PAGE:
Health spending can vary significantly across demographic groups. Two of the commonly examined attributes are age and gender. A study in Health Affairs examines variation by those factors. They tend to be interrelated; women make up more of the elderly population, which tends to spend more on health care. For example, in 2004 50% of the population was female, but women accounted for 57% of spending. Of the population over 65, however, 58% were women and for those over age 85, 70% were women. (HA Article)
Interestingly, however, even on a per capita basis, significantly more is spent on health care for women than for men, in all age groups except children, where the disproportionate treatment of boys for ADHD and other “behavioral” issues may be to blame. Overall it was 32% more on a per capita basis. Some of this may be due to pregnancy and childbirth related services, which uniquely affect women. The per capita difference was found in all care categories, but was most pronounced in nursing care.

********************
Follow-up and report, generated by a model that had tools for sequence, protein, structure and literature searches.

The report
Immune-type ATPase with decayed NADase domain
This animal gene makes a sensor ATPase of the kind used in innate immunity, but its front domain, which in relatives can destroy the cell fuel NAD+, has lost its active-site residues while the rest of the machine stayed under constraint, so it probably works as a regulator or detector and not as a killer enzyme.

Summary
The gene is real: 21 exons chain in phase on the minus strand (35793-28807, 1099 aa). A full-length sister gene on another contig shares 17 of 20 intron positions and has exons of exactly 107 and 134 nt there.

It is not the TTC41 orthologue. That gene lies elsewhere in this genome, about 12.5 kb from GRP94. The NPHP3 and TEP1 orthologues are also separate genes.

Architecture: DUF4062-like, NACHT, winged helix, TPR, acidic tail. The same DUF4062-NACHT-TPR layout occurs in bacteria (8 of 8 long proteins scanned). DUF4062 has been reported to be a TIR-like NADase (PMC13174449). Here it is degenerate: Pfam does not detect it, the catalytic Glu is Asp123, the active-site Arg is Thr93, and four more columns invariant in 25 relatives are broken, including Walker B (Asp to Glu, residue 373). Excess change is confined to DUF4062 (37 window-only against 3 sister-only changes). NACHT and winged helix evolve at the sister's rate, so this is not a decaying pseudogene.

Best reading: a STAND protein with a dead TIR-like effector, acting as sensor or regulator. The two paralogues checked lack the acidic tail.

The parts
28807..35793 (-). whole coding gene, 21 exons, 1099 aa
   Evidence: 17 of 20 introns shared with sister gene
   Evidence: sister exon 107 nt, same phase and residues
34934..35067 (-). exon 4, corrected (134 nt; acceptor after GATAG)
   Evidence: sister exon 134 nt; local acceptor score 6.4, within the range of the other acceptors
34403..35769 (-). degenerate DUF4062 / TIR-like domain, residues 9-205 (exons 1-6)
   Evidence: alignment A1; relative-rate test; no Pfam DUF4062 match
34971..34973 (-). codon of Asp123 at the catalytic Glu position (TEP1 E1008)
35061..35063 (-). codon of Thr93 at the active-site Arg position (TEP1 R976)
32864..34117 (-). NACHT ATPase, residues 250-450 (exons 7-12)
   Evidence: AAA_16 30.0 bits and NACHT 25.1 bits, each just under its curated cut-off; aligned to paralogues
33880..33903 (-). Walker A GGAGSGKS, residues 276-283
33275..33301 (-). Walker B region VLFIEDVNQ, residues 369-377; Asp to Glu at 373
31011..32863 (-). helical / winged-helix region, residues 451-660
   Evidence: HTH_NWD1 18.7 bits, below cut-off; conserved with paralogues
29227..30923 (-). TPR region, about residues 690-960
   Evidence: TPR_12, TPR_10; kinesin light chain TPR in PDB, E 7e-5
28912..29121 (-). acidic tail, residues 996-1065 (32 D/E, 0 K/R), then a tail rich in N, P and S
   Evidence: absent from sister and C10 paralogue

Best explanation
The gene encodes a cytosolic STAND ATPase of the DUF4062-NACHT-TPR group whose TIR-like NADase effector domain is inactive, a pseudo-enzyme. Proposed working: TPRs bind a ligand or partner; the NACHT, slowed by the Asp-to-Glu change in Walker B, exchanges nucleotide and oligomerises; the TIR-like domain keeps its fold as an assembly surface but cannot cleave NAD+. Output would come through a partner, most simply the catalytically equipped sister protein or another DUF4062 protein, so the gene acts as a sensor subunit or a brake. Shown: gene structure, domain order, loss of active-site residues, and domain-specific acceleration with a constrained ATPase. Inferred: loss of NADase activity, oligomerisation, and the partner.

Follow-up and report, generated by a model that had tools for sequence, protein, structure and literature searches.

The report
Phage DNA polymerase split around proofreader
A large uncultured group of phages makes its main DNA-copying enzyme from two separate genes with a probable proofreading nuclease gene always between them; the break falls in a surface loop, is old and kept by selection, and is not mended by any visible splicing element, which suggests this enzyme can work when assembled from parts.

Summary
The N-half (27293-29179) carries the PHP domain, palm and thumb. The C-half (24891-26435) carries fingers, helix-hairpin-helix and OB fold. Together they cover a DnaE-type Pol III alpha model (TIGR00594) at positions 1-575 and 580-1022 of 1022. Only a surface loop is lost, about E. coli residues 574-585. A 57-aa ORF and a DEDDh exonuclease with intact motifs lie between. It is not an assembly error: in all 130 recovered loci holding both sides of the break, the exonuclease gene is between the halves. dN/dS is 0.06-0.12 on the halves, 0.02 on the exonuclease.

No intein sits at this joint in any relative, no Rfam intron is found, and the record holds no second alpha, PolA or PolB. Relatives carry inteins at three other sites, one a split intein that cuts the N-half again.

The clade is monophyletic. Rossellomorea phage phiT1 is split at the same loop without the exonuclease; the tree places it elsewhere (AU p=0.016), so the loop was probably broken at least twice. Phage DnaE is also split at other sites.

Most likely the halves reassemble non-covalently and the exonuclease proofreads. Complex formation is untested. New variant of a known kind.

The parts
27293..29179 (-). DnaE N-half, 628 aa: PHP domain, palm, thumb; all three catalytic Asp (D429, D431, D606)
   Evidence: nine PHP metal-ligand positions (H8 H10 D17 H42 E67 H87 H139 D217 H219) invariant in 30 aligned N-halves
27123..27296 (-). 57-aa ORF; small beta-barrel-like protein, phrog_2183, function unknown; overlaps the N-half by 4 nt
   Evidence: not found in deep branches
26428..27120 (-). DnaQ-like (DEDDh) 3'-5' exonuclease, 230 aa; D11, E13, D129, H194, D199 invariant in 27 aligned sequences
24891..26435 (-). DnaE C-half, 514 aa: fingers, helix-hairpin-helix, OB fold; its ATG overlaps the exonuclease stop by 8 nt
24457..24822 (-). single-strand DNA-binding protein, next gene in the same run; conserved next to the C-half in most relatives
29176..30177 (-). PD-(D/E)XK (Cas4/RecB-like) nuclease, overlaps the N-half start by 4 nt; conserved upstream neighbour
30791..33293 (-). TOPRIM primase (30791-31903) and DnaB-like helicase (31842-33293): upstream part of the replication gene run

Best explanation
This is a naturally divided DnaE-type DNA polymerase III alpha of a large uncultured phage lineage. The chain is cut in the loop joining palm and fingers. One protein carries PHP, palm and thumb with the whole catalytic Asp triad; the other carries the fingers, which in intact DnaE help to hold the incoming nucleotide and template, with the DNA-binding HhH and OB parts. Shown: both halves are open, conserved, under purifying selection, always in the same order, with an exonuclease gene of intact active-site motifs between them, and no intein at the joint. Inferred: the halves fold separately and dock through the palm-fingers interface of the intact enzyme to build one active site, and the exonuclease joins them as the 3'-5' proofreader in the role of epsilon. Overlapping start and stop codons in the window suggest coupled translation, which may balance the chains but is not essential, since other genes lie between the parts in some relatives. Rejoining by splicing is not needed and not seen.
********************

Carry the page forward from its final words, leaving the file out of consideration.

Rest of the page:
This research raises the usual question about what is really fair in terms of how premiums are set for various groups or factors. Many states and now the federal reform law, limit or ban significant differences in premiums for men and women. Other than political popularity, it is a little hard to understand the rational for this. As long as premiums are set based on actuarial justified cost expectations and past experience, it would seem fairer to everyone if those who have higher spending pay more. Otherwise, a subsidy without a clear rational occurs.